The temperature was dropping quickly and the setting sun provided an ideal backdrop. A few spectators drifted in and out of the upscale retail shops that parallel the practice green.
No one was putting until a solitary player arrived with an open bottle of wine tucked into the back pocket of his pants. It was Bill Murray, and it didn’t take long for an increasing number of fans (and golfers) to watch his impromptu routine.
When Murray made a putt, he’d take an extended swig from his bottle of wine. When his missed a putt, the crowd collectively groaned. It was a hilarious, unrehearsed half-hour of comedy.
Scott Simpson knows Murray’s ways better than anyone, although the circumstances are quite different.
Simpson, the 1987 U.S. Open winner and the reigning First Tee Open winner, and Murray, the actor/comedian and star the now legendary golf 1980 movie Caddyshack, have been playing partners during the AT&T since 1993.
They’ve missed a few years because of scheduling conflicts. Yes, despite their overtly different personalities, Simpson and Murray have built a sustained friendship and an ideal playing partnership.
Murray wears funny hats, baggy shorts and engages the gallery. Simpson is often reserved and attends the PGA Tour’s weekly faith meetings.
And the were paired together last February during the AT&T’s 60th anniversary edition.
“I think it would be silly to break that (team) up,” said Ollie Nutt, tournament director. “It’s a little bit of the tournament lore now, I guess. Bill is really such a good golfer. If he weren’t performing out there,
he’d likely play really well.”
Simpson and Murray began their pro-am pairing during one of the tournament’s unusual years. Australian PGA Tour rookie Brett Ogle became the second of only three foreign-born tournament winners. Simpson and Murray, meanwhile, began their partnership with ideal exchanges.
“I told him the first year, ‘Bill, if you’d like to play with someone else, go ahead; it’s ok,” Simpson recalled. “Bill looked at me and said, ‘No we gotta go win this thing.’ ”
The same year, Murray attracted dubious attention when he pulled an elderly woman into a sand trap at Pebble Beach. The woman fell down. The overt laughter was countered by less-than-glowing reactions from then PGA Tour commissioner Deane Beman and a few players, including Tom Watson. Murray was unsure he would return to the tournament.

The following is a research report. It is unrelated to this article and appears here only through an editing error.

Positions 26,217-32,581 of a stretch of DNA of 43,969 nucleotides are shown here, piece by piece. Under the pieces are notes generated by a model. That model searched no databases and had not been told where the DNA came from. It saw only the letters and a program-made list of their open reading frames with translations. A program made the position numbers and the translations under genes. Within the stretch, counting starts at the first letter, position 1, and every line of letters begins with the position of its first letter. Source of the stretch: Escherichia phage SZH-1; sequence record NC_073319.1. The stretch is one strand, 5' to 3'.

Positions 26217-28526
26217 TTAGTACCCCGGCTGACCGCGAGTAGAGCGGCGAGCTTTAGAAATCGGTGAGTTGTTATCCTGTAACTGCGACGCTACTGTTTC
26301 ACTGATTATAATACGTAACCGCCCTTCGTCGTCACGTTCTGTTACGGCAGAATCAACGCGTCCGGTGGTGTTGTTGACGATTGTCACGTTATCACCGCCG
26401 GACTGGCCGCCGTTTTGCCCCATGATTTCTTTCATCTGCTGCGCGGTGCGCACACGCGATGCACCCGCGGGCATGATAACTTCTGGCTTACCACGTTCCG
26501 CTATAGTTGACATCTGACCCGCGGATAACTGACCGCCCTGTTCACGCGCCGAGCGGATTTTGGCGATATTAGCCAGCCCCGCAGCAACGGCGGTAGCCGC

Simpson, whose tie for 38th place that year was 10 places higher than the previous year, told Murray it was the most fun he’d had playing golf.
The Simpson-Murray pro-am team has yet to contest for the title, but they’ve finished as high as a seventh-place tie (1995) in the AT&T pro. They play together in various other tournaments, including a shared-pro situation during last fall’s First Tee Open.
With Murray watching from the gallery during the final round, Simpson claimed his first Champions Tour win. Murray provided plenty of banter during the waning holes, and Simpson kept pace, adding a few one-liners while en route to the title.
“You talk with him (Murray) about playing in the AT&T and every round is like 36 holes,” explained Nutt. “He’s basically expected to do something on every tee and the on every green.
“The reason I think Scott and Bill get along so well is that they’re opposites. I think it (Murray) relaxes Scott. He plays better when he’s around Bill. He doesn’t have someone who he’s trying to compete with for the same stage. But what I appreciate most about Bill is that he’s always listening. He’s out there performing, but he knows what’s going on in the tournament all time.”